We still can’t agree how to regulate self-driving cars

There was a sense of déjà vu on Capitol Hill today as a House panel convened yet another hearing on how to best regulate autonomous vehicles. But it wasn’t clear that any of the issues that sunk the previous effort had actually been resolved — which may mean that we’re headed for a very similar conclusion.

A quick recap in case you forgot: the Republican-controlled House of Representatives unanimously passed the SELF DRIVE Act in 2017, which would speed the adoption of self-driving cars and bar states from setting performance standards. But a complementary bill in the Senate, AV START, failed to pass after Democrats raised objections that it didn’t do enough to address safety and liability concerns.

Late last year, a bipartisan contingent in both the Senate and House began meeting to revive the effort. The hope was that with Democrats in control of the House, a bill could be crafted that addressed many of those concerns.

That bill, though, is still in the works, and today’s hearing laid bare many of the same problems that plagued the original effort. Auto and tech industry representatives want more leeway to manufacture and deploy vehicles that lack traditional controls, like steering wheels, sideview mirrors, and pedals. That means raising the cap on the number of Federal Motor Vehicle Safety Standard exemptions given out each year from 2,500 per company to 10,000 per company. (The National Highway Traffic Safety Administration just handed out its first autonomous vehicle exemption to a California-based company called Nuro last week.) And they want to preempt states and cities from passing laws regarding autonomous vehicles.

On the flip side are safety advocates, trial lawyers, and local officials who maintain that the promise of self-driving cars to reduce road deaths is just that — a promise. They argue the technology is not ready for prime time, and they want Congress to empower regulators at NHTSA to require more data from autonomous vehicle operators, such as crash reporting and disengagements of the self-driving software. Trial lawyers want to get rid of forced arbitration rules that could prevent consumers from bringing injury or safety claims against companies.

The trial lawyers, who have an enormously powerful lobbying group, have been blamed for sinking the previous effort to pass legislation. Rep. Greg Walden (R-OR) noted in his opening remarks that Democrats and Republicans worked to get the trial lawyers to sign off on the bill before it passed in the House, and were disappointed when that same lobbying group later opposed the bill in the Senate.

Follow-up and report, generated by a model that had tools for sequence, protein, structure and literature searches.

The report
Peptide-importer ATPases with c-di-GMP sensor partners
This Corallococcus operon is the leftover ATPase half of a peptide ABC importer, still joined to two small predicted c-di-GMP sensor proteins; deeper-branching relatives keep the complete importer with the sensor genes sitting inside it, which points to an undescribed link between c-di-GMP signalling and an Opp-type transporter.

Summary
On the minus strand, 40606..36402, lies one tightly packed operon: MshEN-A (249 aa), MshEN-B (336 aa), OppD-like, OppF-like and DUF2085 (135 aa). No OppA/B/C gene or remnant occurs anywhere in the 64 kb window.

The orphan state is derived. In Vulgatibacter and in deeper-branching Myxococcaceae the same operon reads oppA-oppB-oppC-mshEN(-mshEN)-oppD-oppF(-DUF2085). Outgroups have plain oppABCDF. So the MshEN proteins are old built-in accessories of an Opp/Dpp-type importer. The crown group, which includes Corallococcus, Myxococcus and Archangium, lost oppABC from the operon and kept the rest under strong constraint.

Others were less diplomatic in pinning the blame on the lawyers. Gary Shapiro, president and CEO of the Consumer Technology Association, continuously lobbed bombs at his fellow witness, American Association for Justice’s Daniel Hinkle, during the course of the hearing, arguing that enabling self-driving cars to save lives was “more important than protecting lucrative contingency fee settlements for trial lawyers.”

Hinkle didn’t take the bait, instead highlighting General Motors’ notorious ignition switch scandal as an example of how trial lawyers uncover corporate malfeasance. In his testimony, he argued against federal preemption of state laws and for preventing companies from forcing consumers into arbitration hearings. “Forced arbitration is a one-sided, secretive, and rigged system which effectively immunizes the company from all public accountability,” Hinkle said.

It was a clear sign that the same issues that plagued the last legislative effort had returned for this renewed effort. But it wasn’t all déjà vu. A new theme running through today’s hearing was the prospect of the US losing its edge in self-driving technology to China. Several lawmakers raised the specter of China overtaking the US as a call to speed up negotiations.

“There’s a global race for autonomous vehicles,” said Rep. Cathy McMorris Rodgers (R-WA). “Do we want China to win that race? Or do we want to lead?”